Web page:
Lawrence, Kansas was attacked by a band of Missouri pro-slavery men. This prompted the attack by John Brown and his men on a group of five Missouri men, dragged from their beds and stabbed to death in the middle of the night.
In Washington, Massachusetts Senator Charles Sumner was attacked and beaten on the Senate floor by a South Carolina congressman after giving a speech entitled “The Crime against Kansas”. Lincoln gave the keynote speech at the Bloomington convention, and he spoke of the need for Republicans to save the nation in the face of Southern threats of secession and dissolution of the Union.
Once again, in this final year that the Know-Nothings held control over the Society, no work on the obelisk was conducted at all. Contributions had completely stopped, owing in large part to the outrage and suspicion of the society’s motives resulting from the scandal of the Vatican stone being stolen and (assumed) destroyed. The marble supply line stopped completely, and tools, machinery and buildings deteriorated on the site.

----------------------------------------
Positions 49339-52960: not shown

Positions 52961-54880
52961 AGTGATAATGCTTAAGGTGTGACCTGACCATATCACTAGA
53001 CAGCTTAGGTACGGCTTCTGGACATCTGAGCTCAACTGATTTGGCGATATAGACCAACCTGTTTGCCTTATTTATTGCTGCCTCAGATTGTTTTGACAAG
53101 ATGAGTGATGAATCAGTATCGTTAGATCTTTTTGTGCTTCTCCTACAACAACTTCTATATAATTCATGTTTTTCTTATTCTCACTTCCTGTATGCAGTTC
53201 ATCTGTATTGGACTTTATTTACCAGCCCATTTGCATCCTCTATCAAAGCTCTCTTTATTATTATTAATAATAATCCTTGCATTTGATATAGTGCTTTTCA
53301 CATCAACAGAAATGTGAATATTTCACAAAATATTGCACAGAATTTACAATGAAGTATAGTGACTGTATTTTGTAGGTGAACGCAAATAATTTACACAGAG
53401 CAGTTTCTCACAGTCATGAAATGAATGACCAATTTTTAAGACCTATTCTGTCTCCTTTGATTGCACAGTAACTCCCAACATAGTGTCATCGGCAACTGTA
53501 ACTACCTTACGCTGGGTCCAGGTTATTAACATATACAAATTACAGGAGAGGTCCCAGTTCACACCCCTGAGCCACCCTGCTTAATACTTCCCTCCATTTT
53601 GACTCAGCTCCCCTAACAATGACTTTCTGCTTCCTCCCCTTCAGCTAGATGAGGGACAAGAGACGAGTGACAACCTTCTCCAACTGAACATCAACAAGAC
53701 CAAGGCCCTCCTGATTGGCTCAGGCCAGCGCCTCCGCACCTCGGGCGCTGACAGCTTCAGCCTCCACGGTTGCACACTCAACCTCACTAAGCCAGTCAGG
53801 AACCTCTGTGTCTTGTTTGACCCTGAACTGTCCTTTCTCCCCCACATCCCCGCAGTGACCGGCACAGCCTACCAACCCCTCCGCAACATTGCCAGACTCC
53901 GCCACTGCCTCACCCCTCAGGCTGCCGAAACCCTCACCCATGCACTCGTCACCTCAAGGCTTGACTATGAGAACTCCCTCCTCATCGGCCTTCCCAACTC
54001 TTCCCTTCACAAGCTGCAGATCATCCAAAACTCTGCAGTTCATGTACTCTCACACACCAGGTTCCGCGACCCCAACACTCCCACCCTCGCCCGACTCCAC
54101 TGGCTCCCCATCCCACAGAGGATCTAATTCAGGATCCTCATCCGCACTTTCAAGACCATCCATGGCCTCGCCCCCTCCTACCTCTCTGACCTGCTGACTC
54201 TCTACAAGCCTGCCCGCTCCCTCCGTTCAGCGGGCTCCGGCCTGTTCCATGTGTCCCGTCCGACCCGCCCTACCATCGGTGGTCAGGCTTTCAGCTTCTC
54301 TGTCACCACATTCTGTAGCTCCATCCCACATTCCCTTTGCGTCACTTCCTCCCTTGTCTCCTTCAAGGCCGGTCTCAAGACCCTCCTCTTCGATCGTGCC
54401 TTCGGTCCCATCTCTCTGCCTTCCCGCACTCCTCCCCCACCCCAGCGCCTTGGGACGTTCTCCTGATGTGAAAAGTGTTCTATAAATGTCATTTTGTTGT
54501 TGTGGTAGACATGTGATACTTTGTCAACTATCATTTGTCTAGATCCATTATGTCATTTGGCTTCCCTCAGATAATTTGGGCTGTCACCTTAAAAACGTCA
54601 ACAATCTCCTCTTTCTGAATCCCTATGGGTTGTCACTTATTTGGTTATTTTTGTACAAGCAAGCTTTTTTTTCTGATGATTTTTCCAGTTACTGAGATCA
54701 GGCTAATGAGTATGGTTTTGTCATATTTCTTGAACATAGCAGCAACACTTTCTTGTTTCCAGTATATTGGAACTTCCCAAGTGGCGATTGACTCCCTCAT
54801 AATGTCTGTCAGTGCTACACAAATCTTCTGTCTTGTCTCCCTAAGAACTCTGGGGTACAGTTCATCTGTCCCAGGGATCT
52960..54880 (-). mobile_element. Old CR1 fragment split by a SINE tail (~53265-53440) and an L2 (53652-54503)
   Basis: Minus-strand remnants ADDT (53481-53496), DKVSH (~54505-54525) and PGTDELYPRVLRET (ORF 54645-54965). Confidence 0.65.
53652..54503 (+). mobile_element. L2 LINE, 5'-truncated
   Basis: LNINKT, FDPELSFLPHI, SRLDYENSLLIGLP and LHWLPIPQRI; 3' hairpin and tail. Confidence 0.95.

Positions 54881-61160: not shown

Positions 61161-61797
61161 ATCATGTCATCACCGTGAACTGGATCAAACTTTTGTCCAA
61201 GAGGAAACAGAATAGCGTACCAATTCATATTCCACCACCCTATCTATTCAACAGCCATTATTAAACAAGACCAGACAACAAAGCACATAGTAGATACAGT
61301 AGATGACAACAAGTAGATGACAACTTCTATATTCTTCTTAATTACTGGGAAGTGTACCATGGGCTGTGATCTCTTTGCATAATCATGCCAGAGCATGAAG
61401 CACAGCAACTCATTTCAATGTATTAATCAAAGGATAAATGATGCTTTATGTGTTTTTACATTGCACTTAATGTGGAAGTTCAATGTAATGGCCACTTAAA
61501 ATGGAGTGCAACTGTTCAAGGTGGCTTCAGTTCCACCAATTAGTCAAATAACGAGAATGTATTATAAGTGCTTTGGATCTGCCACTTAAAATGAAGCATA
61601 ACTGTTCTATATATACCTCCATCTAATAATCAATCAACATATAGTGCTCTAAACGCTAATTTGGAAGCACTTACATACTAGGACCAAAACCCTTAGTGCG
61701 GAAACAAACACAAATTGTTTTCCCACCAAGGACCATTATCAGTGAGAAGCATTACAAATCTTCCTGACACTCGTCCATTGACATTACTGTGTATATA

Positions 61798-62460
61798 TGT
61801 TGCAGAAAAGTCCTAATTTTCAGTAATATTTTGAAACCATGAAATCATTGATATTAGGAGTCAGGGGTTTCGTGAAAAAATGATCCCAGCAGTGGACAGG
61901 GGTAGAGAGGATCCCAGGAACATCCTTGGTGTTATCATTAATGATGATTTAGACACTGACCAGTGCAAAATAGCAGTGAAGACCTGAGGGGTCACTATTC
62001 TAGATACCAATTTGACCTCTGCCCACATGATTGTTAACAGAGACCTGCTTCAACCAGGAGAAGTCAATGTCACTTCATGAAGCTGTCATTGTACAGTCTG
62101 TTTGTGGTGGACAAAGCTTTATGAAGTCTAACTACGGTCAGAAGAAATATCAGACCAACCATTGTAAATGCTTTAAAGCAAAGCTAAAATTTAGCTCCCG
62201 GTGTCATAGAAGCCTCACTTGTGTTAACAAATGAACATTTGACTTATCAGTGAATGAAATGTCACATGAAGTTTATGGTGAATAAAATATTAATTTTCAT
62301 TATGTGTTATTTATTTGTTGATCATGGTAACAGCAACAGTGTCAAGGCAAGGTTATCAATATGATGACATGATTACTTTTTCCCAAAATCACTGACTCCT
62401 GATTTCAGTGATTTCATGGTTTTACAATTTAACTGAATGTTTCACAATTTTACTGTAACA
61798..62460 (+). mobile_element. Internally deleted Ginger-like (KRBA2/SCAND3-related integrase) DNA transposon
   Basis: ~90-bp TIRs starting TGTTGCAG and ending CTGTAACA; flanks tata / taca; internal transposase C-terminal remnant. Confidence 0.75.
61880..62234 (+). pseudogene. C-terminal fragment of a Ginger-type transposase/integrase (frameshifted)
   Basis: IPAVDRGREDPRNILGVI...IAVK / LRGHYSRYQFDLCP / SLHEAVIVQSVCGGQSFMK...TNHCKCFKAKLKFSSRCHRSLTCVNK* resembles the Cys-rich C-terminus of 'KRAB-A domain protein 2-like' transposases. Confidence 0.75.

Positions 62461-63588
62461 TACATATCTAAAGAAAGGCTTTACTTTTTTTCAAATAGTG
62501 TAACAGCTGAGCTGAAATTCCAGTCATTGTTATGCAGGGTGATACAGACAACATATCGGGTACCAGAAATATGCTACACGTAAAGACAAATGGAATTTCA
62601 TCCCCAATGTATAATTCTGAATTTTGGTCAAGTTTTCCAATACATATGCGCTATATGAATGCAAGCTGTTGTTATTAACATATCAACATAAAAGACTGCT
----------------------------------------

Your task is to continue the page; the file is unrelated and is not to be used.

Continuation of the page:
The Supreme Court decision on the Dred Scott case stated that the Declaration of Independence had never applied to Negroes, who “had no rights which the white man was bound to respect.” It also averred that Congress had no authority to prohibit slavery in the territories, because that would violate the property rights clause of the Fifth Amendment. This meant that the Missouri Compromise was never constitutional and that no territorial government could banish slavery.
This decision cut out the foundations of not only the Republican party, since it’s effect was essentially that slavery was legal in all states and territories, but also the “popular sovereignty” theory that Stephen Douglas promoted. Douglas himself was forced to talk about how the Dred Scott actually supported popular sovereignty by imagining that states’ governments might exclude slavery by ‘unfriendly legislation”, an argument that left no one convinced.
“Popular sovereignty” is a philosophical idea from Hobbes and Locke (among others) that, in and of itself, forms part of the basis of the Constitution. “Consent of the governed”, or the idea that the government serves the people and not the other way around, certainly is appealing to Americans; it is how we understand our system of government to be different from European and English monarchies and dictatorships.